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INQ1: the Facebook phone
February 17, 2009, 7:12 pm
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When the iPhone was released in Australia, there was a lot of debate about adoption rates. With only Vodafone and Optus offering it, even a Vodafone salesperson I spoke to told me the services didn’t fit the phone.

The pick-up has been moderate, mostly by Apple fanatics, but nowhere near what it could be if the services DID fit.

So I’m interested to see how 3’s first phone will do…

I’ve been wanting to see a combined phone manufacturer and service provider for ages – hardware and services make up about half of the customer experience each, how can you leave half to someone else?

3 made its backwards integration experiment through the new subsidiary INQ, with the first phone the INQ1 to be distributed solely through 3 in a similar manner to the Skypephone. Maybe 3 is the carrier in the best position to offer features like Skype at a profit – instead of charging call rates they can charge for data.

[EDIT: Just heard that Nokia is creating phones with a Skype application…look out!]

Unfortunate then that 3 is disbanding internationally, with Vodafone recently acquiring the Australian branch (does this mean we’ll finally get the data plans the iPhone needs?).

Still, it doesn’t mean that INQ is necessarily doomed…and it would be a pity, because the INQ1 is the first phone to be based around an online platform, namely Facebook.

That’s right – it syncs all contact information around your Facebook account, allowing you to see profile pictures and status updates in the same screen as your list of phone numbers. (Maybe that’s how Facebook is making its money these days.)

It will be one of a limited number of phones apart from the iPhone  to offer a variety of widgets including RSS feeds, Skype and Windows Live Messenger. It’s nowhere near as pretty and a touch screen doesn’t come standard but it’s also nowhere near as pricey.

I have one concern though: Facebook’s recent change in Terms of Service.

I haven’t been able to find any info on whether personal data synced with Facebook on the INQ1 will only be stored on the phone or whether it will also be relayed to Facebook’s servers.

If information is in fact sent to Facebook, then under the new TOS it will be their property forever.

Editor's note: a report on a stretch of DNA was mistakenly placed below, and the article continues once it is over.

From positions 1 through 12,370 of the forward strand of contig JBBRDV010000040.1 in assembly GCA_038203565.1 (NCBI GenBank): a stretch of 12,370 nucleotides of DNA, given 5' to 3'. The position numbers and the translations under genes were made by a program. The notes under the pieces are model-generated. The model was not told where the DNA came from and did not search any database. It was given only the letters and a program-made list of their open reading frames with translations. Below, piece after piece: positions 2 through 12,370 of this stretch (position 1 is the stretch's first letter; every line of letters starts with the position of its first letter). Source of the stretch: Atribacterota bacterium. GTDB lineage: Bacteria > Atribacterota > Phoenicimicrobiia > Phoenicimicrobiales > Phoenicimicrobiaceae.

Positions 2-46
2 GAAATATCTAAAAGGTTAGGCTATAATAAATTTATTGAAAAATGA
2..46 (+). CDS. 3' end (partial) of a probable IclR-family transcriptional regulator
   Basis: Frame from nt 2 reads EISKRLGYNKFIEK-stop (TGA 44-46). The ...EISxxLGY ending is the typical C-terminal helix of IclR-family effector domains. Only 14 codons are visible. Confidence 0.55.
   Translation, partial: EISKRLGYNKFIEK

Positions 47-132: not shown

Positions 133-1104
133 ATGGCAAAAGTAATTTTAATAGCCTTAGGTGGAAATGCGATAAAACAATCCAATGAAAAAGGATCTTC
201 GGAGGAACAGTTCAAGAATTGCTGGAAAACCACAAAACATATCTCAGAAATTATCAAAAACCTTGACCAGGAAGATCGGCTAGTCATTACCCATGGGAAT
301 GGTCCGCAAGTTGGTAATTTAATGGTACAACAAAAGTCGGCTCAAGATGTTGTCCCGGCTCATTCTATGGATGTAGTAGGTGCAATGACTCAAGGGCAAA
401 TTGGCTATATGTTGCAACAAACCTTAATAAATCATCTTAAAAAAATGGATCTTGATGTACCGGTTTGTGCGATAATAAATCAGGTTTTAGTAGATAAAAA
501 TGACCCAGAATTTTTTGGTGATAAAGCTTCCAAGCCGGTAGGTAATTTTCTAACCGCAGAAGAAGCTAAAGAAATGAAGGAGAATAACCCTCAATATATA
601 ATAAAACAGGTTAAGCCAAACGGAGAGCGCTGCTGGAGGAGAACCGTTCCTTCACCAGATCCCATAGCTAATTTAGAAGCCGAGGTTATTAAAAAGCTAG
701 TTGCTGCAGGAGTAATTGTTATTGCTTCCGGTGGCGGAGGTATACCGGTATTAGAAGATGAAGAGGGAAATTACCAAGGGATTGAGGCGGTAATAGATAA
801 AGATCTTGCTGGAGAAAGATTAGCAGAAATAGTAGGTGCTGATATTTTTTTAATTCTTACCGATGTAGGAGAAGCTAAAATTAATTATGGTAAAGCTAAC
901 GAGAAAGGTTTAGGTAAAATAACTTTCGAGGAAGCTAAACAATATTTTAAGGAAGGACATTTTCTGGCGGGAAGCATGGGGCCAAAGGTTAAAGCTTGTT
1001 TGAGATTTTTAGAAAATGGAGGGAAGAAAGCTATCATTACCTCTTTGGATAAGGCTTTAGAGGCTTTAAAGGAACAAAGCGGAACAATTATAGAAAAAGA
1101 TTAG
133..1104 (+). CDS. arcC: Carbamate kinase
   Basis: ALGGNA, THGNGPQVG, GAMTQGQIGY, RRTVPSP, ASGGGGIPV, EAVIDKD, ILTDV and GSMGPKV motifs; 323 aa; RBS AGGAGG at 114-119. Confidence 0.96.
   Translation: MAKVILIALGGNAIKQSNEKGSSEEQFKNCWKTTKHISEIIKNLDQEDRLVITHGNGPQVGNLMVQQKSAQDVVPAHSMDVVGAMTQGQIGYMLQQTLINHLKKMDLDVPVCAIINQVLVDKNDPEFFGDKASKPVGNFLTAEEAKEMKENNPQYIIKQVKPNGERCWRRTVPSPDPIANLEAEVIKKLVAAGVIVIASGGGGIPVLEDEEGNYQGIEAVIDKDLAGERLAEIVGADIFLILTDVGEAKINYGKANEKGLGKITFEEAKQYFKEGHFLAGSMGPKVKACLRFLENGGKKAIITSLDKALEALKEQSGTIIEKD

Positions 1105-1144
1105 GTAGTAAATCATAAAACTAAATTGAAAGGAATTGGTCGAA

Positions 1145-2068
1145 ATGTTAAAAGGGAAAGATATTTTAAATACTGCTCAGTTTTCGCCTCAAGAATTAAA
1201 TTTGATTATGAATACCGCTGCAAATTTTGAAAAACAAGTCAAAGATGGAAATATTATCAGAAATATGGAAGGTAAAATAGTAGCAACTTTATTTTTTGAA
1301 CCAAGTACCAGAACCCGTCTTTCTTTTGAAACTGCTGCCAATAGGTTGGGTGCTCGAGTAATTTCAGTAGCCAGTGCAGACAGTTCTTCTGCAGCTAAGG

Imagine if Facebook not only has your birthday, your education, your list of friends, interests and photos…but also all of your call records, personal SMS and appointments?

What if they’re keeping all of it?

Worse, using it?

What if that data gets lost?

[EDIT: As of 18/2, Facebook has reverted their TOS and is taking feedback from users. If you didn’t like it, make sure you have your say…]


Vodafone Christmas Clone
November 25, 2008, 6:06 pm
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The Vodafone Christmas Clone is so clever that it hurts.

It has so many things that should work:

  • fits with their existing campaign about being everywhere you want to be
  • integrates online (email, Facebook) and ‘real world’ (craft..!) elements
  • offers incentives to participate and spread the word

But I have a question…

Who do you know that wants to look like lego?

Simple design flaw.

Apart from not knowing anyone who would bother to print anything off and make it…



Make the most of now
August 30, 2008, 1:32 pm
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One company, half the world, a hundred odd different cultures.

How do you maintain a consistent brand whilst customising it over different locations? Here’s a brief look, using mostly Vodafone ads and mobile content services.

The first two are from the UK; they’re both fun, active and entertaining. First up is the British ad for mobile music services, which demostrates straight up exactly what you can use the product for:

The next is Irish, which maintains the active angle but doesn’t use product demo at all. Clear difference in styles that is interesting given the close proximity of the two markets. Granted, it’s a different product and comes under the ‘make the most of now’ banner, but when you watch the ad try and imagine British people doing this; I can’t.

However, the same product has a different approach yet again in Australia/NZ. The Australian ad goes for product demostration again, but tries to be creative about it. It has much more individualistic concept than the Irish ad and the sentiment is more about connecting with what you love than just having fun.

The New Zealand ad, a bit like the Irish one, takes a concept (in this case trying to portray the possibilities in the modern world) and then links it to the Vodafone brand. I think it makes the best use of the slogan, but doesn’t do much demonstration at all…

However, it’s when you get to Asia that you see really dramatic differences. The focus is more on a continuing relationship with the brand (where the others show how the product helps you make relationships). The product may be shown but it’s more an implicit demostration of the brand being your best friend. Shown by the dog, in this Indian ad:

This Singaporean ad is for Starhub, but I find it interesting as well… Firstly, it goes for aspiration to freedom, wealth and love (and only shows open spaces, which are scarce in Singapore). Again, it’s your relationship to the brand. Secondly, with the sizeable Indian population…look out for a dog which is very similar to the one in the ad above!

Lastly, just for laughs…here’s the British ad for Vizzavi WAP email services, which makes product demonstration fun with animation and evil little chicks. (Oh, and kudos for making WAP onomatopoeic.)